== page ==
God Heals Broken Hearts
"He healeth the broken in heart, and bindeth up their wounds." (Psalm 147:3)
What is a "broken heart"? Have you ever had one? We use the expression "broken heart" when we talk about the deepest kind of grief a heart can feel. Broken hearts are often caused by a hurtful change in a relationship with another person. If someone you love dies, or if you have to say good-bye to a friend, or if someone close to you does something to hurt you deeply, you might say that you have a broken heart. But those are just the surface causes for a broken heart. Do you know what really causes broken hearts? All of the grief, death, and sadness we experience came into our world as the result of human sin.
Jesus' heart was broken once too. Psalm 69:20 looks ahead to the time when Jesus died on the cross for our sins. "Reproach hath broken my heart; and I am full of heaviness." Jesus' heart was not broken because of His own sin; He never sinned. It was broken because of ours. All the sins of the whole world were laid on Him when He suffered and died. During those hours on the cross, He endured the awful wrath of God the Father in our place. The precious relationship Jesus had with His Father, closer and more satisfying than anything we could know, was broken while He bore our sin.
Does your God understand what your broken heart feels like? He not only understands, but He also knows how to heal it. Through Jesus Christ's suffering and death on the cross, He made a way for you to come directly to Him with your broken heart. Your grief may be the result of your own sin or someone else's. Or it may be the result of sin's effects on our fallen world. Whatever the cause, God promises to gently care for your hurting heart.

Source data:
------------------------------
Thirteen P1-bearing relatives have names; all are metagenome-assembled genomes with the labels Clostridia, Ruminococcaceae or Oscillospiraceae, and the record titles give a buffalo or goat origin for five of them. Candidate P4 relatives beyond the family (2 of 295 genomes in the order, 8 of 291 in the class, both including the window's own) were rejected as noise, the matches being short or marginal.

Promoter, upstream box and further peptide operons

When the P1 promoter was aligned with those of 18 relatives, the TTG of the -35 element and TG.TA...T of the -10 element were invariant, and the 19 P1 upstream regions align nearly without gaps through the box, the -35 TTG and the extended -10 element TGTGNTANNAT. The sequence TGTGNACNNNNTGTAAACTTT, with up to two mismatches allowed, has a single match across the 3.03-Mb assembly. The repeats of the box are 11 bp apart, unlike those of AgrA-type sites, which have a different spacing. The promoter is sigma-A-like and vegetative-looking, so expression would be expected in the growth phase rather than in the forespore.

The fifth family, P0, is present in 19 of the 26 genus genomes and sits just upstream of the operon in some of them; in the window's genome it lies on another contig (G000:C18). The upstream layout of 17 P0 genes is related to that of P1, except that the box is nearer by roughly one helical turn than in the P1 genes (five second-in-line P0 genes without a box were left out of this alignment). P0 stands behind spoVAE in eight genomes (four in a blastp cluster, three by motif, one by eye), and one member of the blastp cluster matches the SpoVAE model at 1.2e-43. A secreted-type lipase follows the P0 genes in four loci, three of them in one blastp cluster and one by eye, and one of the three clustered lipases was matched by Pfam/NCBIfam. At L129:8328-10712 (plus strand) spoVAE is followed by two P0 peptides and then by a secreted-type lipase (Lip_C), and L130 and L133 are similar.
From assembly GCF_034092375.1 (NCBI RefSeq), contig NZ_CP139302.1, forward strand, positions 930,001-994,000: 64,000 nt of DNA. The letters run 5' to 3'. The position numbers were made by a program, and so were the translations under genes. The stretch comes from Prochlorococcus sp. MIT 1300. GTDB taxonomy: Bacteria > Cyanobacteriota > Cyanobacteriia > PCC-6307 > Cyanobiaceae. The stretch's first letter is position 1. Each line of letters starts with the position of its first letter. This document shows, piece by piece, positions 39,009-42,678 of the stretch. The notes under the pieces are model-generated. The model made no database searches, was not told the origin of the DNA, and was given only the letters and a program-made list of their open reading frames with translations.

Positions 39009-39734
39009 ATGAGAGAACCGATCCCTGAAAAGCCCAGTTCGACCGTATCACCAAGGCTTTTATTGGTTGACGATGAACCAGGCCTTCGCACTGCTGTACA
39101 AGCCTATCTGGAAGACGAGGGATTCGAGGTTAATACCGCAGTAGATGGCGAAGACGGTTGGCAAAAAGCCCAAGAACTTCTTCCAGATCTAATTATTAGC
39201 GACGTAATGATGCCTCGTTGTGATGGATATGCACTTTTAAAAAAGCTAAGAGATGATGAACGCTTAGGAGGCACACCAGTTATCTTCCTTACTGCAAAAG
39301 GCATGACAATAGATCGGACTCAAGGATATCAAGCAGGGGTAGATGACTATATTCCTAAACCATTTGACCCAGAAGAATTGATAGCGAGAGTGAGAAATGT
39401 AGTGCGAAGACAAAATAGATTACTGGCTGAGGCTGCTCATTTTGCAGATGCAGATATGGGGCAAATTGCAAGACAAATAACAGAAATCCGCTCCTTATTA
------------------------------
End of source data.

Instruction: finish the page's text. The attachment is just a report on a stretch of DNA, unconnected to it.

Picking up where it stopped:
The God whose heart was broken for sin will heal your broken heart.
» Have I brought my broken heart to God for healing?
Truth In Real Life
“There is no success without sacrifice.”
He was three years old when he read an entire chapter of the Bible to his father. He was ten years old when he took navigation lessons. He was sixteen years old when he went to college. He was twenty years old when he trusted Jesus Christ as his Lord and Savior.
On August 9, 1788, Adoniram Judson was born in a worn-down wooden house in Malden, Massachusetts. From the time he was a little boy, he was more interested in reading than in playing with his friends. He intended to grow up and become a lawyer or a government official, and he was certainly smart enough to do both! Following college, he started his own school and wrote his own textbooks. Then God took hold of Judson’s life.
Judson dedicated his life to Christ and to the mission field of India on December 2, 1808. He and his wife Ann became the first Protestant missionaries ever to be sent from North America (they became Baptists while studying during their boat trip to India).
After working in India, they moved their ministry to Burma. Using the incredible intelligence God gave him, Judson translated the Bible into Burmese, wrote hymns, inspired missionaries to join him on the field, and shared God’s message of salvation wherever he went. He took only one furlough (a break or vacation), and he died during his last voyage home.
Back when he was in seminary, Judson sent a letter to his future wife. It said, “I have some hope that I shall be enabled to keep this in mind, in whatever I do – IS IT PLEASING TO GOD?”
How often do we ask ourselves that important question? Whom do we seek to please? How about when no one is looking – are you constantly seeking to live your life before God? God is pleased and honored when we seek to glorify and enjoy Him.
Galatians 1:10 – For do I now persuade men, or God? Or do I seek to please men? For if I still pleased men, I would not be a bondservant of Christ.